• Performing unpaid work in the community

  • Working at a public agency or nonprofit organization

  • Speaking at an event or school about the consequences of committing a crime


Probation — also known as "community supervision" — is a non-prison sentencing option available to defendants who have been convicted of crimes. Probation eliminates or reduces the time that the defendant must spend incarcerated. The two types of probation in Texas include:

  • Straight Probation — The defendant is under the supervision of the probation department or officer, and if they violate any terms or conditions of their probation, the judge may impose any sentence allowed under Texas law.

  • Deferred Adjudication — The defendant has the opportunity to keep the conviction off of their criminal record, following a guilty or no-contest plea. The judge will place the defendant on deferred adjudication probation. Violating the conditions of this probation while on deferred adjudication may cause the judge to revoke the probation and impose any sentence within the allowable range of punishment.

According to the Texas Code of Criminal Procedure 42.12. Section 3 (a), "a judge, in the best interest of justice, the public, and the defendant, after conviction or a plea of guilty or nolo contendere, may suspend the imposition of the sentence and place the defendant on community supervision or impose a fine applicable to the offense and place the defendant on community supervision."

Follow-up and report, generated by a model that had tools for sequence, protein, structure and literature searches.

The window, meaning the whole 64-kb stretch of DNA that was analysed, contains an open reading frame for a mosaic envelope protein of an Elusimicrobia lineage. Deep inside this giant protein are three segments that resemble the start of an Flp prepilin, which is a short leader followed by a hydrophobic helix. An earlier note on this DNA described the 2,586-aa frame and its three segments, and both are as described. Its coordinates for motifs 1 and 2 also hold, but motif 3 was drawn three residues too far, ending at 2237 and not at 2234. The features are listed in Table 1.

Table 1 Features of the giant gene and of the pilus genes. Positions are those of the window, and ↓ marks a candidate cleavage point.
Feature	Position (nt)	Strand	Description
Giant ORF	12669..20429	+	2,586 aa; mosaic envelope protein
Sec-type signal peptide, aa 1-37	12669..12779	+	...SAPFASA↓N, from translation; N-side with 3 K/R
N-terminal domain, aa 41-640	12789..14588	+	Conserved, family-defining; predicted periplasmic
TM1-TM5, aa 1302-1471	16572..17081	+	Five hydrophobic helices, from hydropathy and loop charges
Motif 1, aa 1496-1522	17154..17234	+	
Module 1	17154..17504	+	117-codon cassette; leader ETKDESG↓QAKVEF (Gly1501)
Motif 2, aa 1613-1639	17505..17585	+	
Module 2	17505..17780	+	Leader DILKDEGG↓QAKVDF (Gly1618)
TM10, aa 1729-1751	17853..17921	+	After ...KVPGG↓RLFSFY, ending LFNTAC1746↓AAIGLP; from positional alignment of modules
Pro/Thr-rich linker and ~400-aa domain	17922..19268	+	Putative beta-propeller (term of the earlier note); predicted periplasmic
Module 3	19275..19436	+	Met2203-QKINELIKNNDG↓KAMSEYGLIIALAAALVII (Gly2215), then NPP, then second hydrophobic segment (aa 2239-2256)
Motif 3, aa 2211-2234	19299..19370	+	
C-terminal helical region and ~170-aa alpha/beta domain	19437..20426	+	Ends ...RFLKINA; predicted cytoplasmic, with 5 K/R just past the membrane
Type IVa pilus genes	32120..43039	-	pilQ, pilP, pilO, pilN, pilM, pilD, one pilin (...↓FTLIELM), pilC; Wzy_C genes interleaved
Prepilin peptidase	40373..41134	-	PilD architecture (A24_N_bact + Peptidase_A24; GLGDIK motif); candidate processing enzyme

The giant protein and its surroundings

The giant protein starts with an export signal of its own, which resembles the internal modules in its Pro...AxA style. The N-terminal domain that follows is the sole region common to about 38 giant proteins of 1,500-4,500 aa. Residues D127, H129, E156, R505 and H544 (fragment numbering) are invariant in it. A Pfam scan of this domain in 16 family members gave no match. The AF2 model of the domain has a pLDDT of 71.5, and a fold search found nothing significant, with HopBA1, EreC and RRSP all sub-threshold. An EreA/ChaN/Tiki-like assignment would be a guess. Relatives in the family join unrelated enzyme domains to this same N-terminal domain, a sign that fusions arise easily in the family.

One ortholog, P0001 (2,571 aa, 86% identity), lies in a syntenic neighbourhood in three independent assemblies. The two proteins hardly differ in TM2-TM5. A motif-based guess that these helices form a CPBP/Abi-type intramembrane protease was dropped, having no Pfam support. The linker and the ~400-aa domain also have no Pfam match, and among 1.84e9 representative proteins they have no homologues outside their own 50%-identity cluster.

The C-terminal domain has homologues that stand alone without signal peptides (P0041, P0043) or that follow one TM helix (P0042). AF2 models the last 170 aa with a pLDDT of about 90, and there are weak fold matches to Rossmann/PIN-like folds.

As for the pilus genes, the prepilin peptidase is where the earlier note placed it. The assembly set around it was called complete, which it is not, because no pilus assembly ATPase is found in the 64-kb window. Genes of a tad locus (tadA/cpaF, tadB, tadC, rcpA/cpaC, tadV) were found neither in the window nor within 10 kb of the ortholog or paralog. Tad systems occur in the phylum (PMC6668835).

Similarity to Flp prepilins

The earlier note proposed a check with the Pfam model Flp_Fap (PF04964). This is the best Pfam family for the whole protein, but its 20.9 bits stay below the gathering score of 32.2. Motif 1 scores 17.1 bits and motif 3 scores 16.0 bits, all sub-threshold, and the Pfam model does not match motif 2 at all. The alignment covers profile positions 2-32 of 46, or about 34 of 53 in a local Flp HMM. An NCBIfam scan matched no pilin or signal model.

How Our Team of Attorneys Can Help

Criminal convictions in Texas often have devastating, short- and long-term consequences, but being convicted of a criminal offense doesn't necessarily mean you must go to jail. While there may be other alternatives to incarceration, eligibility for these alternative sentencing options can be complicated. If you are facing criminal charges or the possibility of a criminal conviction, consulting with skilled Texas criminal defense attorneys is crucial for proper guidance.

At The Torres Law Firm, we have the experience and resources to represent clients in their criminal cases and sentencing matters. As your legal counsel, we will review and investigate all of the details of your case, help you understand your sentencing options, and educate you about the potential ramifications. Using our knowledge and legal understanding, we will fight to protect your rights and represent you in every phase of the legal process. Our team can also help you negotiate a plea agreement, including potential alternatives to jail time.

Contact us at The Torres Law Firm today to schedule a consultation with our experienced criminal defense attorneys. We will discuss your sentencing alternatives and help you make key decisions. Our firm proudly serves clients throughout Corpus Christi, Dallas, and Fort Worth, Texas.